Modern and sustainable sewage systems for a future-oriented water management
Heavy rain, overflowed sewage canals in Germany and in Arabian countries
Water is the most important aliment for humans, as well as a good which can’t be missed from any area of life. Whether it’s in agriculture, industry, household or in your free time. However, water can also become a danger in contaminated form. With the dawn of civilization, the aim was to discharge contaminated water in canals and pipelines as so-called sewage, just as fresh water was fed into pipelines. Piping systems are, so to say, the veins of our civilization and an essential part of the underground infrastructure. Today, for reasons of sustainability, it is increasingly becoming a declared goal to use water as much as possible in multiple ways and ideally to keep it in circulation or in an extended cycle. The degree of expansion of the water cycle in pipes, canals and plants, in which water is transported, stored, distributed and treated, depends strongly on the locally available drinking water resources. If, in extreme cases, there is no source of fresh water, a complete water cycle, such as in space travel, for example, is even vital.The climate change leads to dry periods in Germany last year
Climate change, water scarcity and urbanization probably are the most important challenges of our time, which affect every country worldwide – if also in different intensities. Current studies show that the rain period in the Near and Middle East will be shortened by half by the year of 2100 – the dry period will be doubled at the same time. This will increase the current water problems and have dramatic consequences such as long-lasting drought periods, desertification or torrential heavy rain. We can’t afford treating water so badly in the future. Which also means that the supply and disposal networks also must be adapted to the new challenges and changes. This calls for a sustainable and modern water management, which basically means:
- Use existing water resources
- Distribute water in a sensible and targeted manner
- Avoid unnecessary pollution
- “De-pollute” contaminated water
- Lead water by degree of purity to multiple usage
Modern and future-oriented canal infrastructure
Sewage and drainage pipe systems play an important role in water management. If these systems are on the state of the art and properly working, all factors listed above can be positively influenced. A modern and future-oriented canal infrastructure shows the following features:
- Sufficient dimensioning for current and future wastewater volumes
- Permanent tightness, i.e. no unnecessary infiltration and exfiltration,to protect groundwater and avoid conse quential costs
- Flexible and bendable for more safety during settlement
- Movements in the ground and earth quakes
- Homogeneously welded pipe system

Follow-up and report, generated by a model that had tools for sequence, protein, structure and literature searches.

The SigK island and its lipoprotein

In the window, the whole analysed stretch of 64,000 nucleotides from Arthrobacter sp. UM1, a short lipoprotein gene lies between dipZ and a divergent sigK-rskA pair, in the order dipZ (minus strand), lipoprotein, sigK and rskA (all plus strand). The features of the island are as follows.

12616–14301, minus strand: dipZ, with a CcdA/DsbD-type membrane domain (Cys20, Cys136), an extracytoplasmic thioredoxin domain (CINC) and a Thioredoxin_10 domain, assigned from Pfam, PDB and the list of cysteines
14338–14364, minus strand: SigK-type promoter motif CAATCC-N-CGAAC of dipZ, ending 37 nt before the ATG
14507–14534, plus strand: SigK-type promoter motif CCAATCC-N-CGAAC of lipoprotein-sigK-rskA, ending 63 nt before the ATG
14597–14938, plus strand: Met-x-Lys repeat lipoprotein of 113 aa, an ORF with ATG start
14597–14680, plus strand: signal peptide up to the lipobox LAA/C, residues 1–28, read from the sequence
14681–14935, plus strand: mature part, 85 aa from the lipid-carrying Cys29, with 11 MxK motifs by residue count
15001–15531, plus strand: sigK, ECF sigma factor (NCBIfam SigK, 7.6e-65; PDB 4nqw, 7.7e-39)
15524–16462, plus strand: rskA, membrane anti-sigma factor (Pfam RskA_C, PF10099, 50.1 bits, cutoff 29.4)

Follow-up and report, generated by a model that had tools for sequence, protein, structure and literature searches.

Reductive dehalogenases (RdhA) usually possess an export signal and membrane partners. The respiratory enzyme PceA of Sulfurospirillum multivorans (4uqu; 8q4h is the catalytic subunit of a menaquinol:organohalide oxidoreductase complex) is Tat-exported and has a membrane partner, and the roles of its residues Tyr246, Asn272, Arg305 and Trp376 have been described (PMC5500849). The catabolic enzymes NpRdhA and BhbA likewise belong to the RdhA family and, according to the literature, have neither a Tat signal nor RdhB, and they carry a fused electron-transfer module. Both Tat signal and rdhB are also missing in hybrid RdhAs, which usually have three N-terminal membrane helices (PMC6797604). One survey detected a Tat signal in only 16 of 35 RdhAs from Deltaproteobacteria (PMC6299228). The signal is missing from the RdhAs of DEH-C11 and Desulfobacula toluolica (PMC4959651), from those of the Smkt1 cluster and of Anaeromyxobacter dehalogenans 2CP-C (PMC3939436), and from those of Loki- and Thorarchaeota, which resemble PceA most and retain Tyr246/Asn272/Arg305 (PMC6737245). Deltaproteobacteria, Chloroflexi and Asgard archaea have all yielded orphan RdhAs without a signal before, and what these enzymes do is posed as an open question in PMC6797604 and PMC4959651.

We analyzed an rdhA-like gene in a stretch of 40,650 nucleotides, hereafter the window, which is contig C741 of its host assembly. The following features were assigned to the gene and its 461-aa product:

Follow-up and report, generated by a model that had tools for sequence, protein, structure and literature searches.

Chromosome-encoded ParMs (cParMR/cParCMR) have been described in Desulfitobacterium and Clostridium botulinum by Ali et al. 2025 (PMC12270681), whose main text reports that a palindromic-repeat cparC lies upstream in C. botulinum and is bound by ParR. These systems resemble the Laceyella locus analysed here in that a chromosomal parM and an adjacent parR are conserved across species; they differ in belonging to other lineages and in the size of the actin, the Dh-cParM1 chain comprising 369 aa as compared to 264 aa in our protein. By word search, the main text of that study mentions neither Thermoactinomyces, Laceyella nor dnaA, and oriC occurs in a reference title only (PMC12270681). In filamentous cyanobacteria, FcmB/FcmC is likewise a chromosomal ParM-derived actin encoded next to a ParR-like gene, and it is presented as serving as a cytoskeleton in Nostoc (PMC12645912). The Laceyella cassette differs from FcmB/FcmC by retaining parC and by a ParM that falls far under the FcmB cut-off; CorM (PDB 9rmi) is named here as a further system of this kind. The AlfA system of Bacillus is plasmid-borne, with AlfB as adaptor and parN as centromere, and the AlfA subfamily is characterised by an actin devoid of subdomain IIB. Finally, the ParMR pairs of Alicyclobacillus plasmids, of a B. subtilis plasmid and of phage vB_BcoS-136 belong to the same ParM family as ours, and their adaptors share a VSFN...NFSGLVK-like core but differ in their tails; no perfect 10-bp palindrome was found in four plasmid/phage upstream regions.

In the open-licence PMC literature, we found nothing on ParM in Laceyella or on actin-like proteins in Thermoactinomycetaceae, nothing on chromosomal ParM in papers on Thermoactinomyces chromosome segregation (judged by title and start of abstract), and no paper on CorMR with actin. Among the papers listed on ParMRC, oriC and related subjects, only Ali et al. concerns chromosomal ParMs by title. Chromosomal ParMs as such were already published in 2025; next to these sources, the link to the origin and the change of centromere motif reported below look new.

- Service life > 100 years
- Decentralized temporary or permanent storage
- Targeted water distribution and drain age
This will be explained in the following using the Krah pipe system as example. Krah pipe systems have been used worldwide for decades under the synonym and brand name “Krah Pipes” for underground pipe construction dimensions. Depending on the application, laying conditions, static requirements and operating pressures, profiled or solid wall Polyethylene pipe systems are produced. The success of the Krah pipe system is based especially on its well thought-out and permanently tight connection system, the flexibility, the material-typical and normative secured longevity of more than 100 years, the large variety of diameters (from DN300-DN5000) and of course the use of high-quality, recyclable Polyethylene pipe materials. These advantages are not only appreciated in Germany, but all over the world and thus also in the Arab world. Today, Polyethylene pipe systems are manufactured in Krah production plants in more than 50 locations. This machine technology “Made in Germany” has become widely accepted especially in those areas where the underground infrastructure is still being built. On the one hand, this is due to the great backlog demand, but also to the awareness of the necessity of a safe, sustainable and long-lasting pipe system.
Krah supports the local factories
Adapted to the conditions on site, Krah supports the locally responsible people with know-how transfer in the construction and operation of factories and thus supports the creation of new jobs. This also includes appropriate trainings for management, employees and pipe fitters, support in the establishment of a quality assurance system and the promotion of the exchange of experience with other factories worldwide. The application of Krah pipes is possible in diameters from DN/ID300mm – DN/ID5000mm, which has the big advantage of being able to build whole pipe systems in monolithic design. That means that pipes, fittings, tanks as well as dams and reservoirs can be manufactured from one material. This monolithic design also includes the connection technology, for modern Polyethylene pipe systems are delivered with an integrated electro-fusion socket. This technique enables a permanently tight connection by simply pressing a button and this within minutes. This non-detachable and axially tension-proof connection technology offers, together with the great flexibility of the material and pipe system, an absolute, homogenous, flexible pipeline, which also guarantees the needed density during soil movements or placing. Even during earthquakes this system has proven itself. The tight connection or the permanent loss-free transport should actually be a core requirement for any pipe system. Unfortunately, however, reality shows figures that cannot be reconciled with this. In Germany, underground supply pipes alone are assumed to lose more than 10% of water; in other European countries, the loss values sometimes reach 20 or 30%, and in the Middle East even peaks of more than 50%. For disposal pipe systems there is a lack of reliable figures for the actual water loss, but surveys and projections by the DWA for 2015 show that in Germany, for example, approx. 20 to 25% of sewers show medium, severe or very significant damage. The type of damage has also been investigated and evaluated in detail several times in the past. The results show that more than 1/3 of all damage in sewer systems is due to leaking joints, shifted joint connections and defective connections. These are all good reasons for a flexible and homogeneously welded Polyethylene pipe system.